Soon after we bought this place, thirty-six years ago next May, we started raising chickens with the thought of selling to the individual buyer. And this we did for several years, taking the orders over the 'phone on Thursday, killing, dressing and wrapping on Friday, and delivering on Saturday. We worked up a good trade until we had about all the business we could handle without hiring help.
We soon included potatoes and eggs in our door-to-door deliveries, and the surplus of those we could usually dispose of at some of the grocery stores, even though we might have to trade them for 100-pound sacks of flour or of sugar. (Some who read this may think we might just as well have kept the potatoes, but not so: — potatoes will only keep a few months while sugar and flour, properly stored, will keep almost indefinitely. We baked our own bread in those days and had a larger family, so it took a number of sacks of flour to do us through the year, — and several sacks of sugar for family use, and for all the canning which we did.)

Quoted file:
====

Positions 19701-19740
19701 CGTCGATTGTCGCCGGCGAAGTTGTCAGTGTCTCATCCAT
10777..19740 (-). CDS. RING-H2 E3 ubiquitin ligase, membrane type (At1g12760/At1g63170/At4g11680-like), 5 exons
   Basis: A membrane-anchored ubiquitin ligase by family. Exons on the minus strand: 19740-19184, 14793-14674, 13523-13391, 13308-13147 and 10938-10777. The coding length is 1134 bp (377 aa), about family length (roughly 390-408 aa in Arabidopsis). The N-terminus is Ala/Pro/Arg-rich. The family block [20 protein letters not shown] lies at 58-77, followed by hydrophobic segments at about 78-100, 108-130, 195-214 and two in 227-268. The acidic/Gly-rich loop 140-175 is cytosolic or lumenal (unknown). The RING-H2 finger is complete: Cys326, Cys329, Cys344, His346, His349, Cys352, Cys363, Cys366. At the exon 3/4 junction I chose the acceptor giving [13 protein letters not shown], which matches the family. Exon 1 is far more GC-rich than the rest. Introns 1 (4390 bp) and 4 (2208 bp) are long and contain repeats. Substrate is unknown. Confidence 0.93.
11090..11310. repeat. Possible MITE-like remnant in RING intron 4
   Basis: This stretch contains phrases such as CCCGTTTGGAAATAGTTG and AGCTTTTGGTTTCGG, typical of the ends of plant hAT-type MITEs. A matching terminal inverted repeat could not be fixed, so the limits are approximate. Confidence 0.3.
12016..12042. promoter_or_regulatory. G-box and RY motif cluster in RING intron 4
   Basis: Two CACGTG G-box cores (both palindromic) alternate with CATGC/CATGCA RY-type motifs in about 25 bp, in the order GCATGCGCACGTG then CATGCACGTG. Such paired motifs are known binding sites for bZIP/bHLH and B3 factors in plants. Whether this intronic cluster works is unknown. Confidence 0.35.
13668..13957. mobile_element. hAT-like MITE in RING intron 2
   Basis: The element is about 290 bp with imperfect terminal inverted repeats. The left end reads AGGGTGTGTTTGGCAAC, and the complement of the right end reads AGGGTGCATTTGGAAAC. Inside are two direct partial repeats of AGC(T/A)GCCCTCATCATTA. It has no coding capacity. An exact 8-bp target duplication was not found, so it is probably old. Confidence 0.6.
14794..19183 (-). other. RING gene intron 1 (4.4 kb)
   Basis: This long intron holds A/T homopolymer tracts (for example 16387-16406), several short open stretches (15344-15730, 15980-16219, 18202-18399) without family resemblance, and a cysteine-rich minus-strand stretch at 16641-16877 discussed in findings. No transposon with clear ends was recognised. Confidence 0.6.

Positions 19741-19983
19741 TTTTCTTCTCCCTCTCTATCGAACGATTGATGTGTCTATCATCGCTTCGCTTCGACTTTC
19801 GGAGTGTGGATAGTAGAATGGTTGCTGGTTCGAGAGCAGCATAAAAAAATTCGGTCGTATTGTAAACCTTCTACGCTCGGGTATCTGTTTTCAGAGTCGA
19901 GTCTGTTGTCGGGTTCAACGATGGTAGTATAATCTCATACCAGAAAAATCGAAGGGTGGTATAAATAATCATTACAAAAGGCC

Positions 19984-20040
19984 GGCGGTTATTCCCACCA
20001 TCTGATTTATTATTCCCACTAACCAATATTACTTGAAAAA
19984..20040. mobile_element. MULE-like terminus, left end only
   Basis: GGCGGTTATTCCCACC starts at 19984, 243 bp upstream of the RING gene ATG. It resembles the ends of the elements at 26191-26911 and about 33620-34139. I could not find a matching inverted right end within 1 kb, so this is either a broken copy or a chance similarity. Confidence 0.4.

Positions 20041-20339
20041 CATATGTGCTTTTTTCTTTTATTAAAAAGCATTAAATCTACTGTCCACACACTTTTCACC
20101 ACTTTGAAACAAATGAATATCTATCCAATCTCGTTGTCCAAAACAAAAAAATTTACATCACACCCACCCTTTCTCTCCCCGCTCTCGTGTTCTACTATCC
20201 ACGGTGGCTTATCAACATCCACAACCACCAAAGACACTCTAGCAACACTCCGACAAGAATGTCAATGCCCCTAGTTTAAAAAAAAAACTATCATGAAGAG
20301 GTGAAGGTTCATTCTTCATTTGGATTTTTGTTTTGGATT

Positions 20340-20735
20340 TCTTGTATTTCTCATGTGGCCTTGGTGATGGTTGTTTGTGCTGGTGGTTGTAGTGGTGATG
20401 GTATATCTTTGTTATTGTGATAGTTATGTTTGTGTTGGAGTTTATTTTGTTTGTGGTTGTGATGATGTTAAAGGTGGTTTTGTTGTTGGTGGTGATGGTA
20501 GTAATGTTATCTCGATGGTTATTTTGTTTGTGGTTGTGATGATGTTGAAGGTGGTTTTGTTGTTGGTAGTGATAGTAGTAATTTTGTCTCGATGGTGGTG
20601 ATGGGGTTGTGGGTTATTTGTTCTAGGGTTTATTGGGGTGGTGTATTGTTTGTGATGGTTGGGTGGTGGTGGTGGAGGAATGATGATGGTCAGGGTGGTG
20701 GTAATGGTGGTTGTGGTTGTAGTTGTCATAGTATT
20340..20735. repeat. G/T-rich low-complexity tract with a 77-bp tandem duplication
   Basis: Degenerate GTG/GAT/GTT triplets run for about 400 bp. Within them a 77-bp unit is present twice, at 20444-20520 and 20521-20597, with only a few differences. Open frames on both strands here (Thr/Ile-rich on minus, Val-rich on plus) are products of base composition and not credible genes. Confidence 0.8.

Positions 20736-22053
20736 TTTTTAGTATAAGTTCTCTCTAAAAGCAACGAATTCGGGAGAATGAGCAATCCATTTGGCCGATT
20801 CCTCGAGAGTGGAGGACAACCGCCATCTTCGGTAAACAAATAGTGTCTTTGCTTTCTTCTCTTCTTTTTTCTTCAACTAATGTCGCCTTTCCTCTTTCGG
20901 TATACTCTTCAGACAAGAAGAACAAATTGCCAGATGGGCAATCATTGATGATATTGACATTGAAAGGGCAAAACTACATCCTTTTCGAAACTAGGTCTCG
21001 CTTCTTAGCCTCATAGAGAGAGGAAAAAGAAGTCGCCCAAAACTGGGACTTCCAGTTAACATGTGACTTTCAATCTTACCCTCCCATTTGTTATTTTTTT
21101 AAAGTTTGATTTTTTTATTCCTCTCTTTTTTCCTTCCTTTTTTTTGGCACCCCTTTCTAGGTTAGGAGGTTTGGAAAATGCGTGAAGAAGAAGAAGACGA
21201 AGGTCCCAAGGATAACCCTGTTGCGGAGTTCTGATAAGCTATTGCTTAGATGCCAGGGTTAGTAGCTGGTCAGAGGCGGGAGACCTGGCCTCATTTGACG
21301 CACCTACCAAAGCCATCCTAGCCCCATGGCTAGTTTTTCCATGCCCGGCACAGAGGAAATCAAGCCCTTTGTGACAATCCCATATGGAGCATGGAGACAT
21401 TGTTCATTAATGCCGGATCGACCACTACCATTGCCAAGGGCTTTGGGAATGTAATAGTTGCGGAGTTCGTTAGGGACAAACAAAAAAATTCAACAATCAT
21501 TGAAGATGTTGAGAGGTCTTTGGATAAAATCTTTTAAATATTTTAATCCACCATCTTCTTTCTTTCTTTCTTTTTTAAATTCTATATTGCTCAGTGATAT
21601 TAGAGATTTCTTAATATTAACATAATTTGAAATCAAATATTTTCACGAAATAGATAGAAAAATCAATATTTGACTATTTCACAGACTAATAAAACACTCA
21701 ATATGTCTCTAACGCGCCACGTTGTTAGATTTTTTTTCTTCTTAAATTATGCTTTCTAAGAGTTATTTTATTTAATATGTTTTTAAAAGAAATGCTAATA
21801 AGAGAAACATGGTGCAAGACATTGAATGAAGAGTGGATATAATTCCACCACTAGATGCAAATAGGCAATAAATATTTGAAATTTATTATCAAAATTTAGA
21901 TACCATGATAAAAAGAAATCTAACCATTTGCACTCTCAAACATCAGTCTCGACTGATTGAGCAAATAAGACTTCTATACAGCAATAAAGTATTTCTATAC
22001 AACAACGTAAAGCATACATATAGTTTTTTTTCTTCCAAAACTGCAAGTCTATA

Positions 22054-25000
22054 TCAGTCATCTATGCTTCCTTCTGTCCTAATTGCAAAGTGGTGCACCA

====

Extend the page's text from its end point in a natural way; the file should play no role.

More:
We also bottled cream by the pint, or half-pint, and milk in one-quart bottles to three or four of the stores. When we had a surplus of skimmed milk I made delicious cottage cheese mixed with real cream for which we had a ready market at the A. and P. store on Upper Broadway, of which the late Ford Towner was then manager.
We delivered on Tuesday and Saturday, but hadn't much call for chickens except on the week ends,
In those days our roads were not plowed, therefore there was no automobile travel after snow came. Snow fences hadn't yet come into use around here, and after the first big snow and blow this road, then known as "Cate Mountain Lane", or just "The Lane", (but now known as the Tyler Road) was so drifted that it was impossible to travel it. Consequently, travel zig-zagged here and there through fields and swamps, along the line of least resistance, so long as that line eventually led to where the traveller wanted to go. It finally worked out that our winter road turned off to the east, not far south of our house, and went across Cass's fields, and came out onto the main roads at Paul Cass's house.